Spanish explorer Juan Díaz de Solís was the first European to set foot on what is now Uruguay in 1516. Later that same year Solís and his landing party were killed by the indigenous Charrúas. No serious attempt was made to colonize the region until 1624, when Spanish Jesuit and Franciscan missionaries established missions in the area. For the next 100 years the region was the subject of a series of disputes between Spain and Portugal, with the result finally being resolved in favor of Spain in 1726.
Montevideo was founded by the Spanish as a military stronghold in the early eighteenth century. Uruguay’s struggle for independence began in 1810, under José Gervasio Artigas. But it was 14 more years before Uruguayans, under the leadership of Juan Antonio
Lavalleja, led an insurrection that liberated the country and declared independence on August 25, 1825.
Uruguay is widely considered the most secular nation in South America. Although almost half its population identifies itself as Roman Catholic (47%), almost one fourth (23%) describes itself as “believing in God but without religion.” And nearly one fifth (17%) of the population identifies itself as atheist or agnostic. The majority of Uruguayans do not actively practice religion.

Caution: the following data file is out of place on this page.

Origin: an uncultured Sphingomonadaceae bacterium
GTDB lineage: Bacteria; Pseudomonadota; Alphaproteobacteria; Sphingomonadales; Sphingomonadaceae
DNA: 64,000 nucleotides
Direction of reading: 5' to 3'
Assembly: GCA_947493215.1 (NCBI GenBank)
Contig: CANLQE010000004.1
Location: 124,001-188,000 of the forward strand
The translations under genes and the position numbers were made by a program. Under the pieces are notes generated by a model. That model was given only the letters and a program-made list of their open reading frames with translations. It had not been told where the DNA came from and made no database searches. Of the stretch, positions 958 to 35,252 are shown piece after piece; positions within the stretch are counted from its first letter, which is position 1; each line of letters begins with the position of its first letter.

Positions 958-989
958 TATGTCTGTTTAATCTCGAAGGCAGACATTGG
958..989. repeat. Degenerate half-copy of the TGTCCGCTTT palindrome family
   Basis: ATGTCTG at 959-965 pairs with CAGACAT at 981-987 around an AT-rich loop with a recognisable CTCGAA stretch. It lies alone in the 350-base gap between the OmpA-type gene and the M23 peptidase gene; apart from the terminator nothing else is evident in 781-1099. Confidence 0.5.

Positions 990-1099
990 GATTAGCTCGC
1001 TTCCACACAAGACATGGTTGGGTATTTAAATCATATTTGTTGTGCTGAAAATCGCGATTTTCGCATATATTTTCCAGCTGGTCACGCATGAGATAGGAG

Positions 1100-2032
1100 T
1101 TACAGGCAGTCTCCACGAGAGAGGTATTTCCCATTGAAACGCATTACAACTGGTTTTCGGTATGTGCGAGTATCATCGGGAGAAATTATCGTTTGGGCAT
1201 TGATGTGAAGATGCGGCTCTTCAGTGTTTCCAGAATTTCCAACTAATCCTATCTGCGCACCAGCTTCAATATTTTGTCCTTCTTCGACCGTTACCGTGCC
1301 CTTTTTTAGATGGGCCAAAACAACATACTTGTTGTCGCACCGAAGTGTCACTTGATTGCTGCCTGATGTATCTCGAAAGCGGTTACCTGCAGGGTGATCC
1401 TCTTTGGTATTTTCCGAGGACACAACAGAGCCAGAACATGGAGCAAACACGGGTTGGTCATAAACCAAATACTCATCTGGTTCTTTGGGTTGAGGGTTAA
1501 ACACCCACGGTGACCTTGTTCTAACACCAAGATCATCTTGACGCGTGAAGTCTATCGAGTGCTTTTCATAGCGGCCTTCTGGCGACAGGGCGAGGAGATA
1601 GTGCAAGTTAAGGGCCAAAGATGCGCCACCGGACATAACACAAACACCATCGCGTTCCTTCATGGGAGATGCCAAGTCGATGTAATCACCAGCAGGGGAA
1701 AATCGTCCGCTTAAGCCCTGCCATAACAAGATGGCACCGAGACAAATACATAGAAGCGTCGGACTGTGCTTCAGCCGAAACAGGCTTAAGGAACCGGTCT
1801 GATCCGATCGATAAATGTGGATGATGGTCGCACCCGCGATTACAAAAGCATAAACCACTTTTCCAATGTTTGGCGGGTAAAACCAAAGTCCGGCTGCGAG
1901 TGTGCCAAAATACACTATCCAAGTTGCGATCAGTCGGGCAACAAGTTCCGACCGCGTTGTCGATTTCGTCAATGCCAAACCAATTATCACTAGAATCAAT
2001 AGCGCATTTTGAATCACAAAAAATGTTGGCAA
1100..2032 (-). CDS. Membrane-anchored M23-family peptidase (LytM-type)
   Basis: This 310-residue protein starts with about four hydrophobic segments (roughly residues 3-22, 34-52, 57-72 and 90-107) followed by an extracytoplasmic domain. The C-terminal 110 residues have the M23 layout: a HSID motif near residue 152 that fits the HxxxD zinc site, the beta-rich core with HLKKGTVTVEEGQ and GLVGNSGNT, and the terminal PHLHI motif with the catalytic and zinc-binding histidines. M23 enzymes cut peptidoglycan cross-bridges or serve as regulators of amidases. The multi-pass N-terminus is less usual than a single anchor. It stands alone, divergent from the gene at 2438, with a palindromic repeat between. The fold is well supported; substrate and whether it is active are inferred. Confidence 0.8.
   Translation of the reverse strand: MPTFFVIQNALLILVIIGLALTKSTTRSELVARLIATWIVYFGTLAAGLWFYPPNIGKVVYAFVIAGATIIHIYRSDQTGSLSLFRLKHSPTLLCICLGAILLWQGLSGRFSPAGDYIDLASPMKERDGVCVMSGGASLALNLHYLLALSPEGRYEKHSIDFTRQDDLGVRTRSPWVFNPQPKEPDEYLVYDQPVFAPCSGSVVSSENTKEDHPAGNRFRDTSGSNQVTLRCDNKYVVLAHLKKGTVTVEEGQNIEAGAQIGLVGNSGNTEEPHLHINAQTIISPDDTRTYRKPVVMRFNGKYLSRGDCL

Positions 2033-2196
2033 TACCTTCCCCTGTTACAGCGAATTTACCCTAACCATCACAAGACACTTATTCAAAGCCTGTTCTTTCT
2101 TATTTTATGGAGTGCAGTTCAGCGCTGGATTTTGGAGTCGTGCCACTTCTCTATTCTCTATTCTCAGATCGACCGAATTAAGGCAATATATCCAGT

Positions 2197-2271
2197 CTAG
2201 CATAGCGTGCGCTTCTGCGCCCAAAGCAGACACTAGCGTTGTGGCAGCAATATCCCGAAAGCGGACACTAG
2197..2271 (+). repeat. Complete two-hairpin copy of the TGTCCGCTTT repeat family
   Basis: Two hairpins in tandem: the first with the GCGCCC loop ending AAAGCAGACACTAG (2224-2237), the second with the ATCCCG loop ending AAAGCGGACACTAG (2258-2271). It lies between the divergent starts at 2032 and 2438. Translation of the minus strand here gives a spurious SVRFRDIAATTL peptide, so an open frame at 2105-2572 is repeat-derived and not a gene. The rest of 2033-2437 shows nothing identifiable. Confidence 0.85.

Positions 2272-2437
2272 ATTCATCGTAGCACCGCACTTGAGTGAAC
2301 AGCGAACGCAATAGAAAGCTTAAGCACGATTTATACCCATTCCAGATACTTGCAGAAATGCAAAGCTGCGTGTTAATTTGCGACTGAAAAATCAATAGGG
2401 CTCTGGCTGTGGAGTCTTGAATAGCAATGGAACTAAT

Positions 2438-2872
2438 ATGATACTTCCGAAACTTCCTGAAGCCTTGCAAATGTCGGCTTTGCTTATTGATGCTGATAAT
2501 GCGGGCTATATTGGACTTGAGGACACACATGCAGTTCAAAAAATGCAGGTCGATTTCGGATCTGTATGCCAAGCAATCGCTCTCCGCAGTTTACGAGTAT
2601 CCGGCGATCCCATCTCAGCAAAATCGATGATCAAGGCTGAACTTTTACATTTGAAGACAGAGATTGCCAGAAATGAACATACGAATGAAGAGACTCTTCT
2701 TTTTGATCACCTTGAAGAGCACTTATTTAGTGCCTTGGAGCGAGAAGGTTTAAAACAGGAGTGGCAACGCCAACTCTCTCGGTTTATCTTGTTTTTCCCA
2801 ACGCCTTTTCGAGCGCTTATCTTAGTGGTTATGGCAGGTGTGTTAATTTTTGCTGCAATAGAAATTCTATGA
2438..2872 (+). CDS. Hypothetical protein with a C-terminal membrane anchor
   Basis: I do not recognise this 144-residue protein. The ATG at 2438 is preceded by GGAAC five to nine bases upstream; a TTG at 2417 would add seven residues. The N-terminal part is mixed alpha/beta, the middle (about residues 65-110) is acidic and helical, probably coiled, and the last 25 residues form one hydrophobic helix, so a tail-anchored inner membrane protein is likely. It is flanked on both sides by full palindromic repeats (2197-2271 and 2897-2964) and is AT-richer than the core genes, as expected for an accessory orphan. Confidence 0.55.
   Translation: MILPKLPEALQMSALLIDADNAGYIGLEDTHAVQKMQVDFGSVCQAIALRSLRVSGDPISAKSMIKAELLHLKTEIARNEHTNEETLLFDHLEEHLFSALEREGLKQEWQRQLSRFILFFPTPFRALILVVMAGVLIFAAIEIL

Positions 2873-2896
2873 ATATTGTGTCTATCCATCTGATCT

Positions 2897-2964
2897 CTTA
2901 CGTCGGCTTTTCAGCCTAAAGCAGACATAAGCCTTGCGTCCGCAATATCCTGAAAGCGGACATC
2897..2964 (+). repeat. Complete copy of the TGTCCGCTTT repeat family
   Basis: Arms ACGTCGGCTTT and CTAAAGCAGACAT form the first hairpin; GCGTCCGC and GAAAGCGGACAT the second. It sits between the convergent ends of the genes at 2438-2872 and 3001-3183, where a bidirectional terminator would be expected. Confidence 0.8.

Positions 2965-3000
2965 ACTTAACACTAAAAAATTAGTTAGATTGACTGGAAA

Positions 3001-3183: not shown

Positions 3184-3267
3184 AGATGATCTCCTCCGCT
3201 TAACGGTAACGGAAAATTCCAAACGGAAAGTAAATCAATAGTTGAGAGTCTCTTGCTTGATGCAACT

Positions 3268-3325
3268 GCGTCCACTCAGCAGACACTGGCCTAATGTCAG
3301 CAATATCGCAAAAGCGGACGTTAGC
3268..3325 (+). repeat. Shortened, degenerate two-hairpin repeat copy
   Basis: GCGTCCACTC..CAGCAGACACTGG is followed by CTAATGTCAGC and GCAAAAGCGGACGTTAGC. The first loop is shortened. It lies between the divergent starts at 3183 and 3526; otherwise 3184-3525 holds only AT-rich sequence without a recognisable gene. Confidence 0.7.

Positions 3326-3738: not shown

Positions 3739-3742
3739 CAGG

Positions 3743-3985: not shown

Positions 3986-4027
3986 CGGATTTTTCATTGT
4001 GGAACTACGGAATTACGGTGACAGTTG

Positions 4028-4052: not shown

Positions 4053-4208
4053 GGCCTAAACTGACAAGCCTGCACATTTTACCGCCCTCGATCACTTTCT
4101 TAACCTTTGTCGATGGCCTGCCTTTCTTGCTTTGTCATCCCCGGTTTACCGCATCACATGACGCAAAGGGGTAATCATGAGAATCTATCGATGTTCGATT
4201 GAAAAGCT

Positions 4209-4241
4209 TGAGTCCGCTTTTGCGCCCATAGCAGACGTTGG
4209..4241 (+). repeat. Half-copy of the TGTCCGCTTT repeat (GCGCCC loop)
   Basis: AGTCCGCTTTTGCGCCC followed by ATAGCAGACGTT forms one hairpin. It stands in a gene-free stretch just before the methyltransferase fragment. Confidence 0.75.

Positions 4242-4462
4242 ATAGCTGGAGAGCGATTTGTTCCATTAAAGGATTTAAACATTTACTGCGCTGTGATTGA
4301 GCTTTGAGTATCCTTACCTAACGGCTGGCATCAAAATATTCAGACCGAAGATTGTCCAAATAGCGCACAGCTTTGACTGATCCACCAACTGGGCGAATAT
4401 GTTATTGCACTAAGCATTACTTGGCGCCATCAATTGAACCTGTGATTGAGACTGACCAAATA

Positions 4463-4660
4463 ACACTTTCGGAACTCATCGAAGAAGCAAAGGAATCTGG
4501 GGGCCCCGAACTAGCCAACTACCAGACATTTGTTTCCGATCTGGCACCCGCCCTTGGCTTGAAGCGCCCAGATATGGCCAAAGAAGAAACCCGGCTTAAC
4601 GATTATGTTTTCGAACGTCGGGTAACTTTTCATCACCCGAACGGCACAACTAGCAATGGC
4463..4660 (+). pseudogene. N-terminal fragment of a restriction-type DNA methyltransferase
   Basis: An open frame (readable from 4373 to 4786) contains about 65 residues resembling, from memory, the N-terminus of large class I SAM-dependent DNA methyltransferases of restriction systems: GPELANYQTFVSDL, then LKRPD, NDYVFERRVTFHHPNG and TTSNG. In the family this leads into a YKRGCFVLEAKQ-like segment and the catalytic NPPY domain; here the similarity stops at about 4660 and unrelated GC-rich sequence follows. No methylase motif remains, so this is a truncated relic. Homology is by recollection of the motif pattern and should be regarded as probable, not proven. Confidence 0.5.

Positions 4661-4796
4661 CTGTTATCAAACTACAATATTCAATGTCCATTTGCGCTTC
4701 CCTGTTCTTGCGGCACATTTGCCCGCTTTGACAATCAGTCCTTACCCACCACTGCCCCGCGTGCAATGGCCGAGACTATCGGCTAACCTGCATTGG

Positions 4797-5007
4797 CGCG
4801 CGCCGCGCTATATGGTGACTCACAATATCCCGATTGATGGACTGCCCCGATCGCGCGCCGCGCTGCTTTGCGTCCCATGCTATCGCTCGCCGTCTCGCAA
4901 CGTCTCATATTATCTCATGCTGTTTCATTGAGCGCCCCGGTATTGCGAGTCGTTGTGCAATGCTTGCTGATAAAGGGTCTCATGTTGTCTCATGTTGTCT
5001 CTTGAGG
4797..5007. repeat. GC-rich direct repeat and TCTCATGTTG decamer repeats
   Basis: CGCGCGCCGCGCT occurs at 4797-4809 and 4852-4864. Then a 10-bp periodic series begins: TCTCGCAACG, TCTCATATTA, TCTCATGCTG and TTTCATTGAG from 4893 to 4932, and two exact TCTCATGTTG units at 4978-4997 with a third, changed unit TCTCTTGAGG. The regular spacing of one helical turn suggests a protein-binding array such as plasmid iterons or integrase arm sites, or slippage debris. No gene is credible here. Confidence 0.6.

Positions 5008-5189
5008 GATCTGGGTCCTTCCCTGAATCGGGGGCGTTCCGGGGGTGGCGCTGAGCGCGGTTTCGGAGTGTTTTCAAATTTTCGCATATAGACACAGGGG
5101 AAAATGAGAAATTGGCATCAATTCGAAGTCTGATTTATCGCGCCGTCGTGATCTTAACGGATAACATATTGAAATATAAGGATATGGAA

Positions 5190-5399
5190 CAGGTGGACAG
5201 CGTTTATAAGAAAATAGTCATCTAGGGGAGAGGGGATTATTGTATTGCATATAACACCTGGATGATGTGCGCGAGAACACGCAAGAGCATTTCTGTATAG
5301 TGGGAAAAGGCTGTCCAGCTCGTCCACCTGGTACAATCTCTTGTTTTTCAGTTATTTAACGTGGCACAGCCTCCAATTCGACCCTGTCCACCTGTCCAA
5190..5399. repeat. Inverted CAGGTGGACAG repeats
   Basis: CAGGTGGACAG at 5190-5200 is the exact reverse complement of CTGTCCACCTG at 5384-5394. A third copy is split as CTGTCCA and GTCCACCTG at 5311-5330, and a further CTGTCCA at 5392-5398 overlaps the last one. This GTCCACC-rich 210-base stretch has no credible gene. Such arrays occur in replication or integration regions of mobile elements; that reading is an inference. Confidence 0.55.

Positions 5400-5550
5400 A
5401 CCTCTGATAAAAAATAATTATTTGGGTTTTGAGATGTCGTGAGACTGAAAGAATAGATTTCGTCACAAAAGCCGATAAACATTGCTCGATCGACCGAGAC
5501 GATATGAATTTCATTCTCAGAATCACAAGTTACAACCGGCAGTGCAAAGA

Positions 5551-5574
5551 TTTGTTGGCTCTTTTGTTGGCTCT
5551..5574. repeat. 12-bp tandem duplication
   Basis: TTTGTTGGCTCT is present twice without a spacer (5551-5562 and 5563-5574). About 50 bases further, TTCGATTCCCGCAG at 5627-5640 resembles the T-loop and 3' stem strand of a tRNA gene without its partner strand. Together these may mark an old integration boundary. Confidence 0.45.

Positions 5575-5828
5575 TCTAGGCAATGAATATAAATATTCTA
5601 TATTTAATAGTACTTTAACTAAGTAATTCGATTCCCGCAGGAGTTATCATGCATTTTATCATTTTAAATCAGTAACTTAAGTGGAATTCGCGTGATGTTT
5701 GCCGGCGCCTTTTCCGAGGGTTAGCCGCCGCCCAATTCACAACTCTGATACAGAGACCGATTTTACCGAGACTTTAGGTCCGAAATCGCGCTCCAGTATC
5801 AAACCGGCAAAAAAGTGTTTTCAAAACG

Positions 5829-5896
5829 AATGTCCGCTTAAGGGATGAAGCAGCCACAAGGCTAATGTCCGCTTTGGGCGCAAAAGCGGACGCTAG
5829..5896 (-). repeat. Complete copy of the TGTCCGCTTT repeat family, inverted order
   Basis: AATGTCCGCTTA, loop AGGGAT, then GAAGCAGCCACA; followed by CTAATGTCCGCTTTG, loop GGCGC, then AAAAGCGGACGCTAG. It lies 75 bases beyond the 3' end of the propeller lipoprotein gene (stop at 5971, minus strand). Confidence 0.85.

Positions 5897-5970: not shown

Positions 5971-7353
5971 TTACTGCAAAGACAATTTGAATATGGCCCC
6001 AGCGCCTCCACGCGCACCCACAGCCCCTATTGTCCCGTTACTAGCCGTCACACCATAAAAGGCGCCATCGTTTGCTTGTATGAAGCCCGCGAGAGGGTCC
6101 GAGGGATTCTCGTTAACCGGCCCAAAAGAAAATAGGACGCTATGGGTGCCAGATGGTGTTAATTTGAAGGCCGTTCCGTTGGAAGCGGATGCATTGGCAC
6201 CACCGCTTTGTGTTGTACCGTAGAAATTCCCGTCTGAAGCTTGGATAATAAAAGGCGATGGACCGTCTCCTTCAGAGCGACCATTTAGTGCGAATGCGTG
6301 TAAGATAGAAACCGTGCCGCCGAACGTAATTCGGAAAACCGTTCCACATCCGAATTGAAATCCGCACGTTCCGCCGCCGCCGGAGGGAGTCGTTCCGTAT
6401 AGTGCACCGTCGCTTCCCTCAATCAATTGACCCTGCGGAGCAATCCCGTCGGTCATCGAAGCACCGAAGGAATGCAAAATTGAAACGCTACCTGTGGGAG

Adventists in Uruguay
According to some accounts, the first Seventh-day Adventist in Uruguay was Mrs. Juan Rivoir, who, four years before immigrating to the country in 1890, heard Ellen White preach in Piedmont, Italy. In 1891 the first Adventist colporteurs, A. B. Stauffer, E. W. Snyder, and C. A. Nowlen, came to Montevideo briefly before going on to Buenos Aires. In 1893 Stauffer and Snyder returned with a young Englishman named Lionel Brooking. Stauffer began working among the German-speaking population, Snyder with English-speaking immigrants, and Brooking with French-speaking colonists.
One of the first individuals in Uruguay to respond to the Adventist message was John McCarthy, superintendent of the “Seamen’s Mission” in Montevideo.
Other early Adventist missionaries to the area included Lucy Post, Jean Vuilleumier, and F. H. Westphal. In 1906 the South American Mission recommended that Uruguay be organized as a mission. At the time the church in Uruguay had 48 members. John McCarthy was appointed superintendent of the new mission.
The first Adventist school was organized in 1908 in the home of Julio Ernst, with Otto Heydeker as teacher. Uruguay Adventist Academy was founded in 1944.
In 1909 two nurses, Meda Kerr and Francisca Brockman, came to Uruguay from the United States. They were joined by two nurses from Argentina, Armando Hammerly and his wife. Together the four worked to break down prejudice among the population by providing medical service to the community.
The first Adventist radio programs were broadcast by A. R. Sherman in 1925. Today La Voz de la Esperanza Uruguay (Voice of Hope Uruguay) is broadcast from Montevideo. Today the nearly 7,000 Adventists in Uruguay worship in 49 churches around the country.
To learn more about frontline mission work around the world, visitwww.AdventistMission.org.